Criminal Law

What is Criminal Law? A Concise Understanding

Criminal Law

Criminal law can be defined as a system of laws concerning crimes and punishment for the crimes. It can be very clearly distinguished from laws concerning civil matters, also known as civil law. In a criminal prosecution, usually, a deciding body with authority is power is present. This body decides whether the act committed by the individual is right or wrong according to the laws of the land. These very laws of the land are criminal laws. 

Black Law Dictionary defines “crime: as an “act that is either committed or omitted.” This act takes place in clear violation of public law.

A good society is based on proper laws. It plays a very important part in shaping the framework of a fully functioning society. It is responsible for defining the lines of crime and punishing them accordingly. It is very important to keep criminal offenses from being repeated by individuals. 

This article delves into the primary constituents of criminal law in the United States. 

What Is Criminal Law? What Is Its Purpose?

The exact purpose of criminal law is to protect the residents of a nation from harm as well as their personal properties. 

  • It ensures peaceful questions and coexistence among the members. It is a prerequisite for having law and order in the society. 
  • It is a deterrent. The punishment fitted according to the laws of the land prevents offenders from becoming repeat offenders.
  • It leads to the establishment of norms.
  • It sets a very clear boundary of what is to be considered lawful. 

What Is Substantive Criminal Law?

The domain of criminal law with an emphasis on substantive rather than procedural problems is termed substantive criminal law. It deals with aspects that are deemed to be essential for a crime to be proven. As an example, illicit conduct, the accused individual’s motivation, or adding to the aggravating elements.

Significant Principles

The justice system of the United States of America follows these principles to ensure adherence to criminal statutes of the nation. 

Presumption of Innocence

Not just in the United States. Countries all over the world believe in the innocence of the accused unless they are proven guilty through enough evidence. The prosecutor in the case should provide evidence “beyond reasonable doubts” to prove the accused of conviction. 

Fair Trial of the Accused

Every individual who is convicted of a crime has the right to a free and fair trial. This due process of law is to be followed to avoid unfair treatment of all parties to a crime. 

Right to Legal Representation

Each individual in the United States has the right to an attorney. If they cannot afford legal representation, a criminal attorney is provided by the court. 

Equality before law

Each resident of the United States has the right to equality before the law and equal protection of the law. This is to ensure that there is no discrimination in the criminal justice system.

Punishment in proportion to the crime

There should be no disparity between the crime committed and the corresponding punishment. It should fit the offense.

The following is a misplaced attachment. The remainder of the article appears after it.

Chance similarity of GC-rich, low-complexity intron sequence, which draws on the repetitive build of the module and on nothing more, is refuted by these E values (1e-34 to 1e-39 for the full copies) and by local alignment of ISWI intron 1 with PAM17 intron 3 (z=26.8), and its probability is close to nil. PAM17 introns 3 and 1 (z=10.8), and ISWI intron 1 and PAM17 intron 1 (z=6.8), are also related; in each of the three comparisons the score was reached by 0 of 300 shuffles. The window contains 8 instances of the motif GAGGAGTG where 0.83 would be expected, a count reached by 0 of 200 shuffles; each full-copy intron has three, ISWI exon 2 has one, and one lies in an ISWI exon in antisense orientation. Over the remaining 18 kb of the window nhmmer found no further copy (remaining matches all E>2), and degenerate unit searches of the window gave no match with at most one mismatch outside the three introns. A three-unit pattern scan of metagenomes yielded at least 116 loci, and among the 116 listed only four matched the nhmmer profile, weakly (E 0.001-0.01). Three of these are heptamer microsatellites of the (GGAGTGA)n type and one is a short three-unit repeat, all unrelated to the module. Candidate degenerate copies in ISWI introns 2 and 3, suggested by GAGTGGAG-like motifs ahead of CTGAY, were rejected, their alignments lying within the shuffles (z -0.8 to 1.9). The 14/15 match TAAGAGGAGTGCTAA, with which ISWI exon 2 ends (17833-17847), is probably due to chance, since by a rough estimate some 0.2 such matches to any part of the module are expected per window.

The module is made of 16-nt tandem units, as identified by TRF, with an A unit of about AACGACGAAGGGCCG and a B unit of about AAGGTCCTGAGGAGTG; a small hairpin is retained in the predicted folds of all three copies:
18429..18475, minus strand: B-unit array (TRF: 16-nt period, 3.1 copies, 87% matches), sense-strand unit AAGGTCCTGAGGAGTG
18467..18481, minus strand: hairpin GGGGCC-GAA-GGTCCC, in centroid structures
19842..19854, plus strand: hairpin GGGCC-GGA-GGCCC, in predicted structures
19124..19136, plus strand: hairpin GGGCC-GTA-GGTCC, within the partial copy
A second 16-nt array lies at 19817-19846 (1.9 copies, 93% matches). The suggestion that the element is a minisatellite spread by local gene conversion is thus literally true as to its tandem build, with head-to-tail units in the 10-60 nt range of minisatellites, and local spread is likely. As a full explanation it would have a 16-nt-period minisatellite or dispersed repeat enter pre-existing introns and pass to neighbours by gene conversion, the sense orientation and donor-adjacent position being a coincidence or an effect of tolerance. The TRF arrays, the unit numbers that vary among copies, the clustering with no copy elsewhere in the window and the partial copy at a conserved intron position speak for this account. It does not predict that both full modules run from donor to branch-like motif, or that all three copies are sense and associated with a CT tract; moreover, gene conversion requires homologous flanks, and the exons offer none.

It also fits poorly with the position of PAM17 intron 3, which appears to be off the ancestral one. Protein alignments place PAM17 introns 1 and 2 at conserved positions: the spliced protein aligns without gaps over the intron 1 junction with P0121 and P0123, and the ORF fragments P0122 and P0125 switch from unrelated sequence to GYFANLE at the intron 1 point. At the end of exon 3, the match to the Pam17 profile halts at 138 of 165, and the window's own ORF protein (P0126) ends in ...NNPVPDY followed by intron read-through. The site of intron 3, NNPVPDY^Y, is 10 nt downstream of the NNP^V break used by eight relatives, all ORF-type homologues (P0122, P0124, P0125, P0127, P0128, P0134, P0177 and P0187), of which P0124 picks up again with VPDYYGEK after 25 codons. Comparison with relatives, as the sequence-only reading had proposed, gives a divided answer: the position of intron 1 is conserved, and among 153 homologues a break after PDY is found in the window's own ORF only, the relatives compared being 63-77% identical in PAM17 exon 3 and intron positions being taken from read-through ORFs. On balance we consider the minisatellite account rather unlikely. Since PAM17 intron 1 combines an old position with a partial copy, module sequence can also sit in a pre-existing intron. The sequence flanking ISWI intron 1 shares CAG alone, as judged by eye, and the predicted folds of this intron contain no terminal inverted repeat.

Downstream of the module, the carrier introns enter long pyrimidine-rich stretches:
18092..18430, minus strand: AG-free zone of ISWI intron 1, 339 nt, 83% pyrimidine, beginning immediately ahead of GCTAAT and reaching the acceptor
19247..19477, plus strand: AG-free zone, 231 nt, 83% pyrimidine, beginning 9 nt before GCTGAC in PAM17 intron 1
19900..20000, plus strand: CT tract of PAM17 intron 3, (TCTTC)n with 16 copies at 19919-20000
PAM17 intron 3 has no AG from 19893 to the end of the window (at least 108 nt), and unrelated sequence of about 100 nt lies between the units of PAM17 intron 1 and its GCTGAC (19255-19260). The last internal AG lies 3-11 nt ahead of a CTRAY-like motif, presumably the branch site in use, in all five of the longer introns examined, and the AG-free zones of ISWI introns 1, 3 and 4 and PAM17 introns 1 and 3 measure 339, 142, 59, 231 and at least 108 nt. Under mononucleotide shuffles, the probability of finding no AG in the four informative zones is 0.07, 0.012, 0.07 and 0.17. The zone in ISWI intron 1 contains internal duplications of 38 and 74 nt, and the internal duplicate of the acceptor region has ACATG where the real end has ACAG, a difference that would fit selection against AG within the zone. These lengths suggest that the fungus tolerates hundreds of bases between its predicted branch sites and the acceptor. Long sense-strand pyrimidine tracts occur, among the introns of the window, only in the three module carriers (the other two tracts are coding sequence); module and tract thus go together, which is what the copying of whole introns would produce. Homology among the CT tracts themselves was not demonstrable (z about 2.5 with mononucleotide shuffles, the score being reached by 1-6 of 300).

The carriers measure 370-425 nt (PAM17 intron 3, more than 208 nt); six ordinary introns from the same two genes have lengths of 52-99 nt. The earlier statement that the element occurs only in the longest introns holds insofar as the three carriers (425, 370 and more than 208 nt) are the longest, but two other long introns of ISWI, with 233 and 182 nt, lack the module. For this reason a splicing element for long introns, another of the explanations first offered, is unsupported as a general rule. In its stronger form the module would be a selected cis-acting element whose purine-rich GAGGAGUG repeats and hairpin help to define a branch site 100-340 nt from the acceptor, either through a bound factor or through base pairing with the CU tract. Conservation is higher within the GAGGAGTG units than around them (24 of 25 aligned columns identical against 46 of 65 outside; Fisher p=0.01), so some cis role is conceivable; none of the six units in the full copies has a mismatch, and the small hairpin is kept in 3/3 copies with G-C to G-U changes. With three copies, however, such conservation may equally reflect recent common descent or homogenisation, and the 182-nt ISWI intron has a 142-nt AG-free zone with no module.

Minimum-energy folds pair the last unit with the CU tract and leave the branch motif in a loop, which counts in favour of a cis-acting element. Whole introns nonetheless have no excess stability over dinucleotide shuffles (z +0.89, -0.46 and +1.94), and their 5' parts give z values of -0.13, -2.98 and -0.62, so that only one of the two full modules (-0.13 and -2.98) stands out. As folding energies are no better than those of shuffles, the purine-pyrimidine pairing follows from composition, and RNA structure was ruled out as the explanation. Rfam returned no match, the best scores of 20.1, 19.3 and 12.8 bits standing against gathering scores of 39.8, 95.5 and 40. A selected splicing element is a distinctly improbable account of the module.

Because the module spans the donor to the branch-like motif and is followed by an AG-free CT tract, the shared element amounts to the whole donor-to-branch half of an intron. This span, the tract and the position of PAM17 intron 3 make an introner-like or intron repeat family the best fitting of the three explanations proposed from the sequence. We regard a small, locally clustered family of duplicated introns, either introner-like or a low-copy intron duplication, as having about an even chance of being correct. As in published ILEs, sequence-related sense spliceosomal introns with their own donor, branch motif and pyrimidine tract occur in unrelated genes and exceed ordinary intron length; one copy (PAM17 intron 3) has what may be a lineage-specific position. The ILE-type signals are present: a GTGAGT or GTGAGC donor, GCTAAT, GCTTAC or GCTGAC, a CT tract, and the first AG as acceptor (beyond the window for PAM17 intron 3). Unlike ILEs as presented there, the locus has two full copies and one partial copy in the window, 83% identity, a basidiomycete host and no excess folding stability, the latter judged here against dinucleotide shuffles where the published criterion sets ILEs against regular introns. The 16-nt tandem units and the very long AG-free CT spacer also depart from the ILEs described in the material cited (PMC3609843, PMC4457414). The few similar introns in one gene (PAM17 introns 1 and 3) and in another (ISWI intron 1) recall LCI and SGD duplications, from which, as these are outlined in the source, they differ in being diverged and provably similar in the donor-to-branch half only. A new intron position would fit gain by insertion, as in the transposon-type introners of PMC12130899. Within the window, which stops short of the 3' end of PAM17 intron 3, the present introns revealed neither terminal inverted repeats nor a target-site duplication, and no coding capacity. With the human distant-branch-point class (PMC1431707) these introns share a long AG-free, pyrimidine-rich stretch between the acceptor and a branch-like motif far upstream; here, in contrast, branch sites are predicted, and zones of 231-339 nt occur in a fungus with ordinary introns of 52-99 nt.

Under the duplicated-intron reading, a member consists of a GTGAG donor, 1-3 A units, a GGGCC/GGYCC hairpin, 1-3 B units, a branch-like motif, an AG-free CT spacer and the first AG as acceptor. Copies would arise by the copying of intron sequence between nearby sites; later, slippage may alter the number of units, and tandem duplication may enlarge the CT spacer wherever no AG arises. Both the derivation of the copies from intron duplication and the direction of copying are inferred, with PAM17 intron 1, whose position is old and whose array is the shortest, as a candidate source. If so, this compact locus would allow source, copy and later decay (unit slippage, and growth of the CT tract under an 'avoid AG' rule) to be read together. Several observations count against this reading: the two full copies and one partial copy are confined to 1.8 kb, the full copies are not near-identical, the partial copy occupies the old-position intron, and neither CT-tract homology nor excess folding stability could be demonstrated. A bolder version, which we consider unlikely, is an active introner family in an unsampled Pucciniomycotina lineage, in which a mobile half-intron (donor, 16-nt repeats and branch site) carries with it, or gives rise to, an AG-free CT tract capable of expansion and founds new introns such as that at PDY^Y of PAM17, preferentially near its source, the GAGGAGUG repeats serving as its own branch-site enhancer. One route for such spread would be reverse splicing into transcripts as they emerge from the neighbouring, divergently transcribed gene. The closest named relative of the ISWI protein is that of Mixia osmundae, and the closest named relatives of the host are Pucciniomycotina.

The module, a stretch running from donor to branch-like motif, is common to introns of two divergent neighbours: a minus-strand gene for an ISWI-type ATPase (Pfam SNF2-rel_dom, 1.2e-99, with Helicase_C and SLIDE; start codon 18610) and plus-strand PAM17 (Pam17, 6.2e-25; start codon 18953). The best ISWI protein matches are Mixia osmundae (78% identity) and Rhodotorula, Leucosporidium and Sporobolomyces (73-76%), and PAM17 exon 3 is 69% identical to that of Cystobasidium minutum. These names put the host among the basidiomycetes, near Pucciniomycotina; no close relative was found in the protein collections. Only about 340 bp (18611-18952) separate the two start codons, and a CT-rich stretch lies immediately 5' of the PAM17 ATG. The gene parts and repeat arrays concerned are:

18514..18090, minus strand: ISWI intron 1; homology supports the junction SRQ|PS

The doctrine of double jeopardy

A person cannot be punished for the same crime more than once. If a person is proven guilty of committing theft, they can only be punished, for that particular crime, once. 

Important Components 

These are instead of rules and regulations that are established through multiple actors of the society. 

a. Law enforcement agencies.

b. Prosecutor representing the criminals.

c. Defense lawyers who plead on behalf of the accused.

d. And the judges who decide whether an accused is to be acquitted or convicted.

Federal Criminal Law of the United States

These are a few of the federal statutes established to punish federal criminal crimes. These statutes outline the crime as well as the punishments. 

The United States Code

This statutory body contains various titles addressing different crimes. Title 18 of this code contains a major list of all federal criminal offenses. Some of them include fraud, drug trafficking, firearms offenses, organized crime, money laundering, terrorism, and computer crimes.

Controlled Substances Act

This federal statute deals with the manufacture, possession, and distribution of illegal drugs. These drugs are divided into schedules, depending on their chances of abuse and medical use. The schedules determine the extent of punishment. 

The Computer Fraud and Abuse Act 

It criminalizes unauthorized access to computers. This statute also was a major step taken to combat the growing rates of cybercrime.

The Money Laundering Act

It deals with crimes related to illegal monetary transactions. It was designed to tackle illicit funds and stop concealed criminal proceeds. 

Wrapping it Up!

The understanding of criminal law is incomplete without learning about its difference from civil law. Civil law deals with activities affecting individuals for which damages can be compensated using reparation or monetary support. It encompasses crimes against the community as well as offenses that are harmful to individuals. The penalty for the wrongdoing is the imprisonment or other punishments of the perpetrator. Criminal law deals with public liability, whereas civil law deals with private liability. Examples of breaches of civil law include Corporate law, Family law, Property law, Media law, Sports law, and the like. Criminal statutes deal with Murder, kidnapping, robbery, and the like.  

Hope you enjoyed reading and found the article informative!

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Jyoti Jha
Jyoti Jha is a freelance SEO content writer for tech , health, and education-related content. With 5 years of experience in the industry, I am creating high-quality content that captivates readers and delivers value.

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